Author Q&A – The Very Best Story Ever Told: The Gospel with American Sign Language

Today we are celebrating the release of The Very Best Story Ever Told: The Gospel with American Sign Language, so we sat down with author Robin Curie to chat about her new book.

Q: What was your inspiration for the book?

A: My two careers (public librarian for children and ELCA pastor) merged as I considered the best way to share the Gospel message with children: heart, mind and body. (Plus fun!) I have been incorporating body movements into songs and stories for years, (“If you’re happy and you know it clap your hands – clap, clap”), but using actual ASL was new for this story. Signing has increased in popularity and accessibility for the hearing population. It is a highly useful second language.

Q: What do you hope readers will learn or discover from reading The Very Best Story Ever Told?

A: By using ASL (sign language) for each rhymed line, the simple and glorious truth of the Gospel is revealed and remembered. It becomes “muscle memory” for children in the same way nursery rhymes and action songs do.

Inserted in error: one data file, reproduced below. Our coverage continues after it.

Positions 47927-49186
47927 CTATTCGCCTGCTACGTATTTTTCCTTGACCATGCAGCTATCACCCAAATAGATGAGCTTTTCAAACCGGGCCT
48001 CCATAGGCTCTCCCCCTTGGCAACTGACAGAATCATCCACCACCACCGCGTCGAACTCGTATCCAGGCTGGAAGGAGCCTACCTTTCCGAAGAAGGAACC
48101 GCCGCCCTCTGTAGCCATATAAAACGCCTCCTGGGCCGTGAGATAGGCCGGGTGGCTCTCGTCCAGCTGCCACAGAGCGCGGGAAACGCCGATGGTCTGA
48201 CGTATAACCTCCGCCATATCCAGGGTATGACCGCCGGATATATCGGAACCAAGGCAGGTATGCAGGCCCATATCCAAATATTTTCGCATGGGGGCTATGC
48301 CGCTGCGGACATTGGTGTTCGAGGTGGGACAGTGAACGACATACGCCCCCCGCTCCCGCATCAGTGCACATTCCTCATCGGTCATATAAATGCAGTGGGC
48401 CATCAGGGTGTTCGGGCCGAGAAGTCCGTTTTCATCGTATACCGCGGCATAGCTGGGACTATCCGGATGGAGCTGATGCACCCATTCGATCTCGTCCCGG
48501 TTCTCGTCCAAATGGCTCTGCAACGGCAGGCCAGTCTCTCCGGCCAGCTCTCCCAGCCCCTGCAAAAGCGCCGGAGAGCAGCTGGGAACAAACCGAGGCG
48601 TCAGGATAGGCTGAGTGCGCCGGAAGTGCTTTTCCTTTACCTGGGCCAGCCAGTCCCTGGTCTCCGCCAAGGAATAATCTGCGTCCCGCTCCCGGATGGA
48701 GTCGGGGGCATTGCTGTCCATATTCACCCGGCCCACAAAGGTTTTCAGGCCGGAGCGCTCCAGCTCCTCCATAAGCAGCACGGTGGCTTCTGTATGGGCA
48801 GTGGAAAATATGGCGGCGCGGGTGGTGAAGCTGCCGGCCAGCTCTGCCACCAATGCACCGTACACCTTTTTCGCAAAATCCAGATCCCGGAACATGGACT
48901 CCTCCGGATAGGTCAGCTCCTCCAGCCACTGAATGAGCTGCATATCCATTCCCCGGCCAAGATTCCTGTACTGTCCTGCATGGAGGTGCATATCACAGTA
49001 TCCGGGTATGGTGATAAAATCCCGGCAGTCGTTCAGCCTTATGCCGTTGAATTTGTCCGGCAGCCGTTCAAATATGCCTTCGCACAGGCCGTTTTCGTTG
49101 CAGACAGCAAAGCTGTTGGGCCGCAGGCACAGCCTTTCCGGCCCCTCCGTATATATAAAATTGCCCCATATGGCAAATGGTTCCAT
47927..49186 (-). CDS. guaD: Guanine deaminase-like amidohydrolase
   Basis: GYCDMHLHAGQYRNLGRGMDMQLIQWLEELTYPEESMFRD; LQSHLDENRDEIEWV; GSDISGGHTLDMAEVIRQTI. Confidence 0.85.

Q: What was the hardest part of writing this book? What was the most enjoyable part?

A: Since this is essentially a story to be told, the best part was telling the story to various age groups over the years and seeing them master the Gospel in a way that reminds in their bodies as well as their minds. The hardest part was describing the ASL in words. The illustrator did an excellent job with the pictures so the entire story is easy to follow for readers.

Q: What sets The Very Best Story Ever Told apart from other children’s books?

A: It is not a “read to me” story but one to engage the child and parents in sharing the Gospel together. Like songs that have claps and stomps and gestures, we remember what we engage in fully. What better way to use this learning than with the gospel message?

Q: What advice would you give to parents (or church ministry folks who may purchase this book) about how to engage kids in whole body learning?

A: The more we move and interact physically with the stories and events around us, the more committed to memory they are. Remember the three little pigs? Even if you can’t recall which one had a straw house, you remember “Huff and puff and blooow your house down!” because you acted it out. This book offers kids and parents a fun and engaging way to learn and tell the story of Jesus.

To learn more about the book or to purchase, go here.